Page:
The KU Leuven university is planning to launch the clinical trials of its own Covid-19 vaccine next spring, head of the vaccinology centre Corinne Vandermeulen said on Tuesday.
Vandermeulen is enthusiastic about the progress on the coronavirus vaccine announced by Pfizer and BioNTech, but added that “more data are needed to be able to form a more precise opinion.”
“It is important to determine the [vaccine’s] efficacy for the elderly, who are the most vulnerable to the virus,” she told the Belga press agency. “It is also important to clarify what is meant by ‘90% efficacy’.”
Further studies will also have to assess the duration of post-vaccination protection. “However, the Pfizer vaccine gives me hope, because the starting point of all vaccines is the same,” she said. “So this is a promising development for the development of other vaccines as well.”
With the Rega Institute for Medical Research, Vandermeulen’s department is working to prepare its own vaccine. The first phase of these clinical trials could start in the spring of next year, she said.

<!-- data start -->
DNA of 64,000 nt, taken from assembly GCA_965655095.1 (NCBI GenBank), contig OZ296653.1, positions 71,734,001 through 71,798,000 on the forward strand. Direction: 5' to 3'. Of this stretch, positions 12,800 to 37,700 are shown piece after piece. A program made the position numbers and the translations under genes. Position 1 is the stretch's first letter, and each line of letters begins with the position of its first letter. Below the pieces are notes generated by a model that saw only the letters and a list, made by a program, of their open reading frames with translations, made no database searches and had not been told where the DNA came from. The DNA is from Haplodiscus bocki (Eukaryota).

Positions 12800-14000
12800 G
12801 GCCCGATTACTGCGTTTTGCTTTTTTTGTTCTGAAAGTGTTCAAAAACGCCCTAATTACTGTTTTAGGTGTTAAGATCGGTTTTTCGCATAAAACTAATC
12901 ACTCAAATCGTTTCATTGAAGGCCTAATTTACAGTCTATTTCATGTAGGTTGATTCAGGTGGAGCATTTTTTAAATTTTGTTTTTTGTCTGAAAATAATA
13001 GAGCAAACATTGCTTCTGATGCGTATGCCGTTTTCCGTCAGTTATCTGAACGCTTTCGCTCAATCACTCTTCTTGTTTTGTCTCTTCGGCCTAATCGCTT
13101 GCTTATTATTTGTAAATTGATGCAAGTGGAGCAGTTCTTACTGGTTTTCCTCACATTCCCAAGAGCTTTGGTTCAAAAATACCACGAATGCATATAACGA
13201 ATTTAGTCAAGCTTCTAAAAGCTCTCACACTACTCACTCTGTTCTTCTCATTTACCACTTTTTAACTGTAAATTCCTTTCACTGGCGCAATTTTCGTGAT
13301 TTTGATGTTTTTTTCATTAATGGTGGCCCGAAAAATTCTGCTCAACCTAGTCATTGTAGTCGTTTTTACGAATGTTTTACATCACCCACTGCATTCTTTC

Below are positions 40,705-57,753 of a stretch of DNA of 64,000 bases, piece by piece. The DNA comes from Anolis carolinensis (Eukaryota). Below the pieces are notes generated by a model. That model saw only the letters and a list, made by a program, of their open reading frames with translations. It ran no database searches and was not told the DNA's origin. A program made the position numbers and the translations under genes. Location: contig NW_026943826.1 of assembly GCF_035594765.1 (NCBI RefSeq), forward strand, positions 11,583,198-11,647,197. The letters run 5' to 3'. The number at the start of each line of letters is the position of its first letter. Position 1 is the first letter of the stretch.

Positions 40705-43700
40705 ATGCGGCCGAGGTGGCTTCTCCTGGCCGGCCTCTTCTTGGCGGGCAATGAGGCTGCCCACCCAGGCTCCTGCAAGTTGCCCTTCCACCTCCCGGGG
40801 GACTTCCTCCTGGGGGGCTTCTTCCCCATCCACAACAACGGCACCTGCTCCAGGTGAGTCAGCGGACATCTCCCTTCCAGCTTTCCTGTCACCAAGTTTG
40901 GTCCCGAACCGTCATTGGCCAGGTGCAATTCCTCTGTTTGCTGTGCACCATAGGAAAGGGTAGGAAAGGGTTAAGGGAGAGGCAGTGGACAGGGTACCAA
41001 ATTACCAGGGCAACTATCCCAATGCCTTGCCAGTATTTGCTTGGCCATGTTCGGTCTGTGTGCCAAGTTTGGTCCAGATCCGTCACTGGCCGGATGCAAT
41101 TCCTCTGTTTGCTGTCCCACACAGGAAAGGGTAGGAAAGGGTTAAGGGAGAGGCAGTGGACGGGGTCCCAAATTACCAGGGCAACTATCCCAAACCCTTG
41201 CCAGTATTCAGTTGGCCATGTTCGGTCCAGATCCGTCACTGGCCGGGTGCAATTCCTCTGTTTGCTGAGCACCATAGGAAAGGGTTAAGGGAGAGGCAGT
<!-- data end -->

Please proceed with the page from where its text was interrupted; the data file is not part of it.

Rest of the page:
The timing is a little later than the deadline that had previously been set, for January 2021, due to production constraints, Vandermeulen explained.
However, when effective vaccines will be available, the vaccination campaign in Belgium still needs to take place. “I am not in favour of compulsory vaccination,” she said.
“People need to be convinced of the safety, efficacy and reliability of the vaccine thanks to clear information. They must want to be vaccinated on their own initiative, an obligation can be counterproductive.”
Additionally, the University Hospital in Ghent (UZ Gent) also confirmed that the trials with Johnson & Johnson’s vaccinations would be resumed on Thursday, after they had been halted following the appearance of an “unexplained illness” in a test subject who had taken part in a Phase 3 study abroad in October.
The Brussels Times